HP's latest iPAQ, the 612c Business Navigator, is a solid offering with lots of features and good battery life. It's a bland-looking and giant handset, but good performance and crisp touchscreen somewhat make up for the poor keypad.
You wouldn't be out of place at an accountants' convention with the iPAQ 612c, from first glance this is clearly a business phone. It's boxy, black and grey with the HP logo stamped clearly in the top centre above the screen.
It's also big. At close to 12cm high, 6cm wide and 2cm thick, you wouldn't get it into small pockets. Picture an iPhone and imagine something slightly bigger and heavier — that's the 612c. If you like small, sleek phones, look elsewhere.
Charging and syncing with your PC is done via a single mini-USB port on the base of the device. We really like this feature as it both cuts down on cables and allows you to escape getting stuck without a proprietary charger. You shouldn't have too much trouble finding a mini-USB cable if you leave your charger behind on a trip.
One disadvantage of this all-in-one mini-USB port is that it also serves as the port for the headphones, which came with our 612c. If you want to use a headphone with a standard 3.5mm headphone jack, you will need to get an adapter.
One advantage of a big phone is a big display, and the 612c comes with a 2.8-inch, 320x240 QVGA screen that looks crisp. It's also a touchscreen, which is comfortably sensitive, and we enjoyed using it. Common on PDA phones, hidden on the bottom right corner of the phone is a stylus. This is a necessity when using the Windows Mobile 6 interface, which contains lots of tiny buttons and would be next to impossible otherwise.
One interesting feature of the 612c is the inclusion of a touch-sensitive, circular wheel on the front of the 612c's keypad. Running your fingers lightly over this wheel allows you to scroll up and down menus.
Unfortunately, underneath this rather nifty feature sits a poor keypad. In the size normally given to just a numerical keypad, HP has managed to cram 20 keys. In addition to this, they're flat and flush, making it difficult to tell them apart by feel.
If you produce a lot of text on your smartphone and like mechanical input, we can't recommend the 612c. However, it somewhat manages to make up for its limited keypad with its touchscreen, which we used almost exclusively for entering text.
External key shortcuts on the 612c include a camera shortcut on the lower right-hand side, and another scroll wheel on the top left. This wheel sits nestled between two shortcuts, one for voice commands and one to disable the front touch scroll wheel.
A handy shortcut button is located on top of the phone that allows you to switch between ring and vibrate modes with a single touch.
Even for an enterprise-level PDA phone, the 612c has a lot of features. Data speeds will be fast on this phone with a 3G HSDPA connection. There is also Wi-Fi (802.11b/g) and Bluetooth 2.0. The 612c also includes assisted GPS — which will give you a better signal than regular GPS — coupled with pre-installed Google maps.
Under the hood on the 612c you will find a Marvell 520MHz processor with 128MB of RAM. This makes for excellent performance and we noticed very little lag while using the device. However, be aware it does take some time to boot from power off, which may slow you down when swapping microSD cards.
The 612c also comes with 256MB of flash ROM, which left our 612c with 120MB of free memory after pre-installed programs. There is also a microSD card slot, which is unfortunately hidden behind the battery, making it a pain to swap cards on the go.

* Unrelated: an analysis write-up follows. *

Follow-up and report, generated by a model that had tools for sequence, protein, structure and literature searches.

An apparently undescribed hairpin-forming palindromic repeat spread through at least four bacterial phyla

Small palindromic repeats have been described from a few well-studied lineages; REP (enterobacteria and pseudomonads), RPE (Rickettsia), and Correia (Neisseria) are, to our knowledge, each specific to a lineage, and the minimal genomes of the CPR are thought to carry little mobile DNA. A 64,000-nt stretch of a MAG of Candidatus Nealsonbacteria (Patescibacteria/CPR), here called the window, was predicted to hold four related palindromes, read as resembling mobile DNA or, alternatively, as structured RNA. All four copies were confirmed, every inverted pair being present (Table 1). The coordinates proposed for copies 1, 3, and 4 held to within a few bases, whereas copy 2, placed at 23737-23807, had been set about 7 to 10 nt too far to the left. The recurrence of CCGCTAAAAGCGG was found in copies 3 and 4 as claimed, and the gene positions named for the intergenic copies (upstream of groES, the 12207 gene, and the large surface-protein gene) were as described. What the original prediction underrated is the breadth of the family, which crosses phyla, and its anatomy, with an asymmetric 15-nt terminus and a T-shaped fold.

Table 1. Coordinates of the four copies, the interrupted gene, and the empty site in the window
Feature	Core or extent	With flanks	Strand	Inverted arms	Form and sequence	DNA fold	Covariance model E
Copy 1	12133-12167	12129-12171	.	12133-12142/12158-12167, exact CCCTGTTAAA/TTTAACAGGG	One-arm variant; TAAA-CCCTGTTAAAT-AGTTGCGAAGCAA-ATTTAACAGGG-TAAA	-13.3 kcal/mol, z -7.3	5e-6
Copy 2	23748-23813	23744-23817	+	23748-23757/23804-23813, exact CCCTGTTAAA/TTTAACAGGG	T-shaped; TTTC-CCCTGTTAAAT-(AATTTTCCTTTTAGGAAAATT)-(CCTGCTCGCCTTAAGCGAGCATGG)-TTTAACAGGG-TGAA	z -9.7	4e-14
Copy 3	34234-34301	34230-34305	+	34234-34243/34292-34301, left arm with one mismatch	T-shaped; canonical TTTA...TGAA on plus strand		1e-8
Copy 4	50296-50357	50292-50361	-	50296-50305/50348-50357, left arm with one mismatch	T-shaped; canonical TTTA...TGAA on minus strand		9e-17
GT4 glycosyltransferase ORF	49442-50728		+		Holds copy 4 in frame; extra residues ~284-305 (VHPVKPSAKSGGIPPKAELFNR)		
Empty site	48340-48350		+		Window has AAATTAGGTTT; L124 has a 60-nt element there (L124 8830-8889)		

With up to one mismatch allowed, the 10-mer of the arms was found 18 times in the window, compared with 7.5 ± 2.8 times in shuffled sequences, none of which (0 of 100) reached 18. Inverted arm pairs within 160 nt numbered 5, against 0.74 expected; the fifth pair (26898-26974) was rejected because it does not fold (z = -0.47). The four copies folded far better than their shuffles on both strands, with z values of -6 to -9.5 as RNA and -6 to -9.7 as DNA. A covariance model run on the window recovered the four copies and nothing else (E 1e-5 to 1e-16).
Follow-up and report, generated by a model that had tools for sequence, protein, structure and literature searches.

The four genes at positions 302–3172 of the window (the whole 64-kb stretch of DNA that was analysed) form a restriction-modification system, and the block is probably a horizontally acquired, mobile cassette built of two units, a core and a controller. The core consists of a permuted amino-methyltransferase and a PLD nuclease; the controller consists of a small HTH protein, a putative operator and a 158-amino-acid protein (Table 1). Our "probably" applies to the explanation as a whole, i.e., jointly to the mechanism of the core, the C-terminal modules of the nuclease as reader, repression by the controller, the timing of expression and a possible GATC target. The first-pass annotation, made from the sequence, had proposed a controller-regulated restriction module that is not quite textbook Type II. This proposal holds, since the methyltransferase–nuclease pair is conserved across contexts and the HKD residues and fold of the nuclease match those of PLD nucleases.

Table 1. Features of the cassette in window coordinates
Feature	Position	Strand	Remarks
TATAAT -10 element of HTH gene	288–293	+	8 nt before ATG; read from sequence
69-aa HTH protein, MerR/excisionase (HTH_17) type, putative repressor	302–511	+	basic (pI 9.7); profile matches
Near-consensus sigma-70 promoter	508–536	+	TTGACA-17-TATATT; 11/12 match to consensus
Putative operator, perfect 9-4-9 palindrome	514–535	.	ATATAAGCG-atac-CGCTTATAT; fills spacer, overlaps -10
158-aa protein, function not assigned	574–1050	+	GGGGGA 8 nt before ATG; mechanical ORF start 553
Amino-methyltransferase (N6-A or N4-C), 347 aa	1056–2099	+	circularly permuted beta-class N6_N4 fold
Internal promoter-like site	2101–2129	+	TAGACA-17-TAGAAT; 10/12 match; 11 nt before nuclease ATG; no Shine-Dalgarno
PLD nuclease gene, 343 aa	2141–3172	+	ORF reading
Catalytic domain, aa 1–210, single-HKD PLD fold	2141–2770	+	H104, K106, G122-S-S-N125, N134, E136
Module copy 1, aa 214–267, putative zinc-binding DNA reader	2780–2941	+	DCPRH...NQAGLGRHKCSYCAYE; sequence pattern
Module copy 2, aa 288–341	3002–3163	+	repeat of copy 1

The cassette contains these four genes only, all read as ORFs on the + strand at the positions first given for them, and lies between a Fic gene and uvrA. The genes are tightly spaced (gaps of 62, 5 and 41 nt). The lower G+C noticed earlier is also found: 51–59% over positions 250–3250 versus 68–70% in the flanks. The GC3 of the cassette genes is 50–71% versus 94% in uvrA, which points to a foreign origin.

The 612c runs on Windows Mobile 6, despite 6.1 appearing on more recent phones such as the HTC Touch Diamond. Mostly users won't even notice the difference, as the changes in the new version of the OS are largely cosmetic, with perhaps the exception of threaded SMS messaging.
One small change HP has built on top of the Windows Mobile interface is the inclusion of "HP shortcuts", accessible from the home screen. These are quite handy including quick access to the alarm, contacts, IE and more.
The "getting started" CD provided a link to an apps store for business applications that can be purchased for the 612c. Unfortunately, at the time of writing, the iPAQ 612c was not available as a listed device, so we couldn't assess any of the available apps.
The iPAQ comes with a 1590mAh lithium-polymer battery, a very large battery leading us to expect strong battery life. To put that into perspective, the Nokia E71 has a 1500mAh battery while the i-mate Ultimate 8502 had a 1530mAh — we commended both phones for their excellent battery life.
The 612c didn't disappoint, we managed to get just over three days battery life out of this phone with light use. HP supplied its official numbers as four hours of talk time and 250 hours of standby time.
The "c" in the iPAQ 612c stands for "camera", as the 612c includes a nice 3-megapixel shooter. HP also offers a version without the camera, the HP iPAQ 612, for enterprises that don't allow cameras for security reasons, but unfortunately this model won't be available in Australia.
We took a couple of happy snaps and found the camera to be decent, and it includes both auto-focus and a flash. Just watch out for the slow shutter speed, which can result in blurry photos.
Considering its feature, the iPAQ 612c is great value for money. Short of the Nokia E71, our current choice as the best smartphone, you won't find much on offer with these features at this price.
If it were not for its poor keypad, the feature-rich 612c would be an excellent phone overall. Unfortunately, its poor keypad, drab appearance and bland Windows Mobile interface means there isn't a lot which is exciting about the 612c.
However, enterprises looking for a feature rich PDA with good battery life won't be disappointed by HP's latest iPAQ.